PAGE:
Monday

6th Jul 2020

Analysis

Battle lines drawn for UK referendum

  • The countdown to the UK's EU referendum has begun (Photo: Steve Rhodes)

David Cameron may be no closer to setting a date, let alone agreeing new terms of the UK’s status in the European Union, but in the background, the engines of the campaign machines are starting up.

Cameron outlined his shopping list of reforms at June’s summit in Brussels. They include cutting the phrase “ever-closer Union” from the treaty; protecting the UK from decisions by the euro club; and curbing welfare for EU nationals who move to Britain.

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Meanwhile, with his government’s referendum bill comfortably passing its second reading in the House of Commons, the political debate on the referendum will be quiet until the autumn.

But behind the scenes, the campaign machines are beginning to get to work.

The umbrella Yes campaign is in the process of putting itself together.

Labour’s most popular politician, Alan Johnson, a former postman turned cabinet minister and now celebrated memoir writer, will head the party’s Yes camp.

For the Liberal Democrats, the death of former leader Charles Kennedy has robbed them of one of their most popular and effective pro-European campaigners. Former cabinet minister Danny Alexander, whose pre-parliament career involved a stint as press officer for Britain in Europe, is a likely figurehead for their campaign.

On the Conservative side, Laura Sandys, a former MP for the South Thanet constituency in which Nigel Farage, the leader of the eurosceptic Ukip party, ran for election, will be one of the chief organisers of the party’s Yes bandwagon.

Office space has also been acquired by the UK-branch of the European Movement, an all-party pro-EU movement.

It will sit in Millbank tower, just a stone’s throw from the UK parliament, in a venue previously used as the headquarters of Labour and the Conservatives in their days in opposition.

On the eurosceptic side, more than 60 Conservative MPs have signed up to the Conservatives for Britain group, widely expected to become the focal point for the Tories’ No campaign.

A handful of Labour members have also registered the name Labour for Britain.

Purdah

One of the main disputes in the early debates on the referendum bill is whether the “purdah” should be respected.

The quaint term refers to a period of silence by ministers and civil servants during the final month of political campaigning in an election or other vote.

At the same time, the fledgling Yes campaign is in limbo.

The Labour and Liberal Democrat parties are currently leaderless - until September and mid-July, respectively - meaning that neither party can formally start the process of fundraising and hiring staff.

Besides, whatever Cameron secures from EU leaders cannot realistically be unpicked by opposition parties at home. The UK’s future membership will be based on Cameron’s terms.

While the Cameron government, let alone his Conservative party, is not certain what its recommendation will be, Labour has indicated that it will campaign for a Yes regardless of what results from the EU talks.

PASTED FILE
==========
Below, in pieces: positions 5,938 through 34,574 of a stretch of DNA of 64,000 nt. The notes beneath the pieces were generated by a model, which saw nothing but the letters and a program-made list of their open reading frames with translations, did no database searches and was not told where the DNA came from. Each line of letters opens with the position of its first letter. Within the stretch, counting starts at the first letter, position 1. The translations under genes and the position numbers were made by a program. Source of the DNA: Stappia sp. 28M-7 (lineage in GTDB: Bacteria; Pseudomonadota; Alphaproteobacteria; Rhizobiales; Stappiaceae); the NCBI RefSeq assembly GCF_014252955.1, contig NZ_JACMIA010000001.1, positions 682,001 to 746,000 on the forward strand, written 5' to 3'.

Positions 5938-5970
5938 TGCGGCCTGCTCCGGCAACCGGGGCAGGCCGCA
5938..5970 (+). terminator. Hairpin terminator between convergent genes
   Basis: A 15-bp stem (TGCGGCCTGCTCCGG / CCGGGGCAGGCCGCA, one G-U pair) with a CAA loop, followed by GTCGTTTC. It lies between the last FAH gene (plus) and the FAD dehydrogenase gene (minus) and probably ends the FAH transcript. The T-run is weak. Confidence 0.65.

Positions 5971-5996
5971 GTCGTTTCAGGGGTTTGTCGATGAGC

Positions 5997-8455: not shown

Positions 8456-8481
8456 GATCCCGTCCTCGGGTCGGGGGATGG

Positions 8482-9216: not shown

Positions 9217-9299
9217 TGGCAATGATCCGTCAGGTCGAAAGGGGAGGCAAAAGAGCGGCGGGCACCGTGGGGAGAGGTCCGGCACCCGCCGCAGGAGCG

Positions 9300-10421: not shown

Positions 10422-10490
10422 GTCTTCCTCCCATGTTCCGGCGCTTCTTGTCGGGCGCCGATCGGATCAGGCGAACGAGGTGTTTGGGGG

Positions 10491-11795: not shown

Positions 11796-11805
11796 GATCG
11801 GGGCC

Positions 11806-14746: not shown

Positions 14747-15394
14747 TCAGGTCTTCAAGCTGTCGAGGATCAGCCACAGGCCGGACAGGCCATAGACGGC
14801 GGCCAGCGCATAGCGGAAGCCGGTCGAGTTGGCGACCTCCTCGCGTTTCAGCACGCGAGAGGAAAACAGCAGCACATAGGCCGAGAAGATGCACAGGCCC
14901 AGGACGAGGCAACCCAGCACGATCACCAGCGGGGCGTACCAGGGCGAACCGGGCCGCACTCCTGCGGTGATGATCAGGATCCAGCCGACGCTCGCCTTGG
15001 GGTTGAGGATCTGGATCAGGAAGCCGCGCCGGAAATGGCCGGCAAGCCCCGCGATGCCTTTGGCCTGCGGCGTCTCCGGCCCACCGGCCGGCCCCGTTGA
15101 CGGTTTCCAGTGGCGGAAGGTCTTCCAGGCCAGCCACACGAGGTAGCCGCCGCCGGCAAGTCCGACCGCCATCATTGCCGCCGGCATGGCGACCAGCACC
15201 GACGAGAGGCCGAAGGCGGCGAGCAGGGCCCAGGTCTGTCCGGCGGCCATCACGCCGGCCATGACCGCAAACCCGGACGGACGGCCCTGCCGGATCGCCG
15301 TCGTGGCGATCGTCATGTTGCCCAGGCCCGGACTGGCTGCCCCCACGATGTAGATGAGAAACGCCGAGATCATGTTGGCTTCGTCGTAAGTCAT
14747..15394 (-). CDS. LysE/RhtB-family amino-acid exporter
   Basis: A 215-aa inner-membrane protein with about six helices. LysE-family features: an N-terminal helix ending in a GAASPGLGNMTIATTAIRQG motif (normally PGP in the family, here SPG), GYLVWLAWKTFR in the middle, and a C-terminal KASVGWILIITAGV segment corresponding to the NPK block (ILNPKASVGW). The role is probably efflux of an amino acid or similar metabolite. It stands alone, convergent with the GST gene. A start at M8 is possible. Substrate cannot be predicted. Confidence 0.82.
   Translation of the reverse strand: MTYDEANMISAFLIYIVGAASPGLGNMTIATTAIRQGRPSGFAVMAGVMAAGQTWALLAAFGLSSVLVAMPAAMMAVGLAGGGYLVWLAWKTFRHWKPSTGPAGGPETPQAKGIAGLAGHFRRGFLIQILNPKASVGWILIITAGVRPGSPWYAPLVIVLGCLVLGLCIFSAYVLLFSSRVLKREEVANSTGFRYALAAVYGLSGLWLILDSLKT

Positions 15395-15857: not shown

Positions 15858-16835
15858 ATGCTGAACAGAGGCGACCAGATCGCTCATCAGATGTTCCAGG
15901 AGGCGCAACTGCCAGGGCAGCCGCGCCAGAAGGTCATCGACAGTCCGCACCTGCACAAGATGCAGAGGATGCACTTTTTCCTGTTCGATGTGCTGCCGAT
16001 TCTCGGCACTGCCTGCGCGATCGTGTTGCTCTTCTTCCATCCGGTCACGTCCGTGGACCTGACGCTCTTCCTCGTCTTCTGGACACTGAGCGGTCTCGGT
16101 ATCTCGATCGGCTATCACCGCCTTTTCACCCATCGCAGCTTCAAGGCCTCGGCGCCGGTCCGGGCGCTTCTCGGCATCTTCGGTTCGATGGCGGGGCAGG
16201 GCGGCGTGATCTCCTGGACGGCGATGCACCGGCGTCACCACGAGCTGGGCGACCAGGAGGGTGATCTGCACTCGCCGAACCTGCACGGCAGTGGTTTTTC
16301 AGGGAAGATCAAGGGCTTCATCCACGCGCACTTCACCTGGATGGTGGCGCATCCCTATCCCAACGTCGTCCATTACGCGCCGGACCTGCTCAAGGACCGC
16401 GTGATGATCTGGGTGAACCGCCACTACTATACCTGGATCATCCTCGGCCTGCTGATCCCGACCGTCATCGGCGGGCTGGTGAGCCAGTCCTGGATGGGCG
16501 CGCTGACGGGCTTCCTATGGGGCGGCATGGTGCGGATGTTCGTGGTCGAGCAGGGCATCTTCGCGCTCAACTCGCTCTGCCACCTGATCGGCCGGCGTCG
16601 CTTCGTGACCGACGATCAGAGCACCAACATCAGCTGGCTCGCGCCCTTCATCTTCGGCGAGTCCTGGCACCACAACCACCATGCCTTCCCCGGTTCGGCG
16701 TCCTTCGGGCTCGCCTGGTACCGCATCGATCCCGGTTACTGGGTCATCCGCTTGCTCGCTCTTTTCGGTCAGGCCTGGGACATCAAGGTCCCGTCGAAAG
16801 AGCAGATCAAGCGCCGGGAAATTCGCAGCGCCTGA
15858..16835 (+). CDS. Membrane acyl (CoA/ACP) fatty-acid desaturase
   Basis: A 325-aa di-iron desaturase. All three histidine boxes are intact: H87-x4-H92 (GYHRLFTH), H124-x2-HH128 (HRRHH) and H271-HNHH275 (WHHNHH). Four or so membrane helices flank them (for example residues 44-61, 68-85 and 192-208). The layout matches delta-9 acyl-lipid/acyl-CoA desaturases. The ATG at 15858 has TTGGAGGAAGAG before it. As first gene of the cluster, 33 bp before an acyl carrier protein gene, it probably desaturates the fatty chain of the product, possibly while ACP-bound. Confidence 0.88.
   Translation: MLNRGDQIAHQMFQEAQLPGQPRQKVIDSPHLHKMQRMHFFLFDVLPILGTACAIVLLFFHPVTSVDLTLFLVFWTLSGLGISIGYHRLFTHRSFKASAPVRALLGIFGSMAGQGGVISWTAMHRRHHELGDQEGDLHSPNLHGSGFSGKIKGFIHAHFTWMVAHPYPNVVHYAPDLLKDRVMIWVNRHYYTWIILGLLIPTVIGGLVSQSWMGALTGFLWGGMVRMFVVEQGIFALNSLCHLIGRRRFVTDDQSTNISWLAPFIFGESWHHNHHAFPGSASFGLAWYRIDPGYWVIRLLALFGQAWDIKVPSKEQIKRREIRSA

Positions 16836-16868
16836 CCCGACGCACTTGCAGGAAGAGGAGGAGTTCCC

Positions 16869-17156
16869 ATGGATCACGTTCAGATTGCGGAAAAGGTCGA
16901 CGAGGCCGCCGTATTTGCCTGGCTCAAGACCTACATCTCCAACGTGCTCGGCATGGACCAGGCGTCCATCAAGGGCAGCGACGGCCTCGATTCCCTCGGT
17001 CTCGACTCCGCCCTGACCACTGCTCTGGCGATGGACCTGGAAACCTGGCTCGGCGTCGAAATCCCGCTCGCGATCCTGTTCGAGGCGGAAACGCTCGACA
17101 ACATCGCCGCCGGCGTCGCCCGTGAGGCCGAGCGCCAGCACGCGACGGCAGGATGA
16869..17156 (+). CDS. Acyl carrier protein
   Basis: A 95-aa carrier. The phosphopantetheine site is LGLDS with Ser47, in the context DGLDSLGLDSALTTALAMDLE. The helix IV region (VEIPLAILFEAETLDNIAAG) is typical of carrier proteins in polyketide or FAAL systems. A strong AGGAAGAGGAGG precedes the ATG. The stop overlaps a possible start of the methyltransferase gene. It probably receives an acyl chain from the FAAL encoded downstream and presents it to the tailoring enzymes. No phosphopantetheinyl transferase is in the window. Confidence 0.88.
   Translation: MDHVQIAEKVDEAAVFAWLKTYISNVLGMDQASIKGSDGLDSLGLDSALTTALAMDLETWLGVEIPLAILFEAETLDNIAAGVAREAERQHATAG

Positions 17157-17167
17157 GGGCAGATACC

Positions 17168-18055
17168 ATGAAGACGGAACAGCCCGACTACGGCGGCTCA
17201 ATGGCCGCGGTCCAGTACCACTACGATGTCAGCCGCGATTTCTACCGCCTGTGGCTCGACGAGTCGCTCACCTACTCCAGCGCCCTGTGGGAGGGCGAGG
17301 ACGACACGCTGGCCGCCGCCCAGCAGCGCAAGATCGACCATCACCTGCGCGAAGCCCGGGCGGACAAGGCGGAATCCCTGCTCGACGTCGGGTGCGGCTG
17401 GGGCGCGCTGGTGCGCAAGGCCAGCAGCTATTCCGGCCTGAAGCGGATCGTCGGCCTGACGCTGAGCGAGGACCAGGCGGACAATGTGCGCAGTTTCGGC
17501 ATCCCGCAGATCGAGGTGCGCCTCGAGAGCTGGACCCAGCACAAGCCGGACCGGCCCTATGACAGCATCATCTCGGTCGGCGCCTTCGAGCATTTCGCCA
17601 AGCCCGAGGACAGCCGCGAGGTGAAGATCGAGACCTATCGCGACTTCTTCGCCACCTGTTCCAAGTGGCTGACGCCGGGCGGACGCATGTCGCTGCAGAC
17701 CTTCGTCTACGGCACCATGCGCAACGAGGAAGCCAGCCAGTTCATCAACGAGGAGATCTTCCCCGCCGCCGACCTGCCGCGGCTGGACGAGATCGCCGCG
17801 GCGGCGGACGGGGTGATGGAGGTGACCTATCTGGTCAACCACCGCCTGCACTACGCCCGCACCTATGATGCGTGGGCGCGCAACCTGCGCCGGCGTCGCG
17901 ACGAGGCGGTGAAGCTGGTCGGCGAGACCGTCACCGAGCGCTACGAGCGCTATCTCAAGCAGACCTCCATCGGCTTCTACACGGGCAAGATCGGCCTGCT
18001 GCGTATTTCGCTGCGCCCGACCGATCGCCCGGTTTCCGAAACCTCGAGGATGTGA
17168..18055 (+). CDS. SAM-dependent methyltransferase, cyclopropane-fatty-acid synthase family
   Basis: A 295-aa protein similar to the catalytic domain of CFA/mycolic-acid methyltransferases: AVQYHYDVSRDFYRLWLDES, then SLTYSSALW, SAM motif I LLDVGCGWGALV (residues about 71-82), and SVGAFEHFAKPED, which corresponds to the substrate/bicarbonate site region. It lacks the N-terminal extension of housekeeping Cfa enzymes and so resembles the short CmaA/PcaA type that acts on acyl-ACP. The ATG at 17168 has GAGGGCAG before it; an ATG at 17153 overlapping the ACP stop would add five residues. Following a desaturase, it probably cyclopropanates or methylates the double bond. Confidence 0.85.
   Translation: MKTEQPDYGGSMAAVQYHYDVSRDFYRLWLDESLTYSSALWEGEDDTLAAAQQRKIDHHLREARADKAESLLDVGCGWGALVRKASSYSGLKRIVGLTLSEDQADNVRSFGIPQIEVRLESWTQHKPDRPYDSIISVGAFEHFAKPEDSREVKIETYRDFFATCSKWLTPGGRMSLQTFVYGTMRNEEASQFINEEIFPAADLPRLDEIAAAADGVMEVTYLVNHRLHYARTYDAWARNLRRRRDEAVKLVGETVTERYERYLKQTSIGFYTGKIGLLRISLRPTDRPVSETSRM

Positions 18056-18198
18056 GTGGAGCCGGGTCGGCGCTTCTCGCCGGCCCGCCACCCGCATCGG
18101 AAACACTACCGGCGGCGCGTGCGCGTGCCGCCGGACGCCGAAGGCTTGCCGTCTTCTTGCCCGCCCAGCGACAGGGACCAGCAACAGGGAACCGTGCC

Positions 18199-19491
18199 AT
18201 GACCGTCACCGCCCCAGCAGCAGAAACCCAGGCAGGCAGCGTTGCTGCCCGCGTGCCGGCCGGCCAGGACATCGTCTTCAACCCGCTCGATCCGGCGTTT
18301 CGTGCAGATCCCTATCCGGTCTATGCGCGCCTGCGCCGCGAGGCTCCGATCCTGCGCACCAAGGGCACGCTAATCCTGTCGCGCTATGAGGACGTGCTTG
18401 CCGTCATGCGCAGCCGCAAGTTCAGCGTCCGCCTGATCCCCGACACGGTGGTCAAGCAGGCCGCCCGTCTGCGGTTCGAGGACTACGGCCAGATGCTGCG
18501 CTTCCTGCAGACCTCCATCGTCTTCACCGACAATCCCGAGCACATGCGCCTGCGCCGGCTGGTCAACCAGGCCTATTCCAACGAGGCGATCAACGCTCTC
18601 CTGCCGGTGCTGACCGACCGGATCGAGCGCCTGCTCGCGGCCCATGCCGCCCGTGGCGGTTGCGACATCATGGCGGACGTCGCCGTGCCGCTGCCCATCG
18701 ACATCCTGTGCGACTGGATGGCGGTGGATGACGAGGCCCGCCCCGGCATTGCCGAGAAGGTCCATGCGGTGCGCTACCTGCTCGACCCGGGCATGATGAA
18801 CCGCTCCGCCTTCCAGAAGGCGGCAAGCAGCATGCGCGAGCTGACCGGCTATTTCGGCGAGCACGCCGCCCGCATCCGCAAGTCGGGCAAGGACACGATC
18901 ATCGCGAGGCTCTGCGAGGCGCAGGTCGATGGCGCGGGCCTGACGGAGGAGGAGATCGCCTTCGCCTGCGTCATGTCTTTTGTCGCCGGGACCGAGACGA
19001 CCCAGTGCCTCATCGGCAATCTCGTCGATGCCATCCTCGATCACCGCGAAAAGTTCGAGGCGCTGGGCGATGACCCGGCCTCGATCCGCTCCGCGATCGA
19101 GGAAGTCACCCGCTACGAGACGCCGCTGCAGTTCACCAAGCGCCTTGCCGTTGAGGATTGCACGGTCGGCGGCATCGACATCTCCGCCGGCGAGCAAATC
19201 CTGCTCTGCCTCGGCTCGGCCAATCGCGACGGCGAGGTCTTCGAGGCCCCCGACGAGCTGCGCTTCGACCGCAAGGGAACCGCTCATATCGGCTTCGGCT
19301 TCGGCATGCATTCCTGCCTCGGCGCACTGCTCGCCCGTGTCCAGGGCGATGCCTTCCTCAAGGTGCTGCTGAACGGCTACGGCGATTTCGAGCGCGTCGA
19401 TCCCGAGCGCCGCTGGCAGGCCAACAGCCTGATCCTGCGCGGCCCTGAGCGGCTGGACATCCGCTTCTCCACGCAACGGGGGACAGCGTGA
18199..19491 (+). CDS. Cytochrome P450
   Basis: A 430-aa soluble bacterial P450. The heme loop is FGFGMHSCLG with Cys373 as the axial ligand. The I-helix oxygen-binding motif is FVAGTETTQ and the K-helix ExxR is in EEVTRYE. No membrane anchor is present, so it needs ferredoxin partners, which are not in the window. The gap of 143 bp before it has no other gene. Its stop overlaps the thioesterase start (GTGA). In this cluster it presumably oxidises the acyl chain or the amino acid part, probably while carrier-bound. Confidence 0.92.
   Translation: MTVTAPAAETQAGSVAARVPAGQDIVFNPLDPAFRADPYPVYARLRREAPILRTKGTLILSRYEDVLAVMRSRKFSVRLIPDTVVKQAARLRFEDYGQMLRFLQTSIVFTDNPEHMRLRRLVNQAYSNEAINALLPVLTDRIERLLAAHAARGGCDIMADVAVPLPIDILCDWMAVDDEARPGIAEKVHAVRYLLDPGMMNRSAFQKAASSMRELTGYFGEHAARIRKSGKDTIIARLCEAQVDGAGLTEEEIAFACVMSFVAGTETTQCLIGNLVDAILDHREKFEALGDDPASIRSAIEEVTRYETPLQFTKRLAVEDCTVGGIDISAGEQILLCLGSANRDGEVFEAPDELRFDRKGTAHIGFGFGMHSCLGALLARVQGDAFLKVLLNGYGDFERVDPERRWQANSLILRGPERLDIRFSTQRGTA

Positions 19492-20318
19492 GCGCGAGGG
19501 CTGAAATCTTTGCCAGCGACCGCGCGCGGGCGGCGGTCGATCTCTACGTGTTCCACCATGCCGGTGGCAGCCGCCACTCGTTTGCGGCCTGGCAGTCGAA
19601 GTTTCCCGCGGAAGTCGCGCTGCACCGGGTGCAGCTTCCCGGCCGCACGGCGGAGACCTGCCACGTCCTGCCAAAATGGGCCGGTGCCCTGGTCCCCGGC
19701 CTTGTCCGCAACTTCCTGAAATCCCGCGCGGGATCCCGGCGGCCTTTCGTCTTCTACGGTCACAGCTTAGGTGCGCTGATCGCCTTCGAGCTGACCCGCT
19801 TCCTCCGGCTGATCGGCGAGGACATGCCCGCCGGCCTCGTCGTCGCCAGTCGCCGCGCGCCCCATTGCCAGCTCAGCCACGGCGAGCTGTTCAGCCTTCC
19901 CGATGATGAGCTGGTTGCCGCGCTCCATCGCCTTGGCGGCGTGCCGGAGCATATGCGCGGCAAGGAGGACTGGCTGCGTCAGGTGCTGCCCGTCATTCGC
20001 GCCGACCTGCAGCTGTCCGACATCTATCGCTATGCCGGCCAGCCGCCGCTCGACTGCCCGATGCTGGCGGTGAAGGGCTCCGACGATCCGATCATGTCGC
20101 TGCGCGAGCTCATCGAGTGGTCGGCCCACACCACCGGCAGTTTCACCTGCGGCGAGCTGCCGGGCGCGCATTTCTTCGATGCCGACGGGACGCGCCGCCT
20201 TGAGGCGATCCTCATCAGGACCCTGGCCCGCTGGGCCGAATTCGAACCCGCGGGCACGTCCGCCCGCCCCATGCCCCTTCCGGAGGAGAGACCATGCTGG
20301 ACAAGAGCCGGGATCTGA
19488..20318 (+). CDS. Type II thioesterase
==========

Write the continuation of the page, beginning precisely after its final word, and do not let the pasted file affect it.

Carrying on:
Senior Labour politicians have indicated that repealing possible opt-outs on social and employment rules, such as the directives on temporary workers and working time, would have to be dealt with after the next general election in 2020.

In other words, a future Labour government might simply sweep away much of a Cameron reform package.

For its part, Labour will back Cameron’s plan to allow a group of national parliaments to “red-card” draft legislation from the European Commission and for tighter control of migrant access to welfare benefits, even though it believes the latter objective can be achieved through changes to domestic rather than EU law.

Trade unions

“Labour is in a position of leadership on this because fundamentally we are in favour of EU membership,” a senior Labour politician told EUobserver, adding that the party will start making regular visits to Brussels and other European capitals in a bid to strengthen its position with sister parties and other EU leaders.

This sounds noble, but it could cause problems for the party’s relations with its trade union paymasters if Cameron manages to secure opt-outs from EU employment and social protection legislation.

Last week the GMB trade union, one of the largest donors to Labour, warned in a letter to EU leaders that it might be forced to campaign for a British exit “if the EU commission and member state governments allow Mr Cameron and his government to undermine employment and social rights and their application to British workers”.

Labour is also anxious not to repeat the tactical mistakes it made during the Scottish independence referendum.

The party found itself campaigning on the same ticket as a Conservative-led government, which is widely disliked in Scotland, and defending an imperfect status quo. Defending continued EU membership on Cameron’s terms risks tainting the party, even if Labour has stated that it will not share a campaign platform with the Conservatives.

Scotland 2.0

Despite losing the Scottish referendum, the Scottish National party was made immeasurably stronger by the campaign.

In the EU in/out vote, even if Britons decide to stay in by a 65-35 or 60-40 margin, Ukip - which is now Labour’s closest challenger in dozens of seats in its heartlands - could benefit in a similar fashion.

“The EU is a non-stop reform process”, says Richard Corbett, one of Labour’s most senior and pro-European MEPs. “The idea that you negotiate something in 2015, agree in 2016, and its all done with by 2017, is unrealistic”.

It is hard to disagree.

Whatever the outcome of Cameron’s negotiation phase, and the referendum, the UK’s EU status will dominate domestic politics for at least the next five years.

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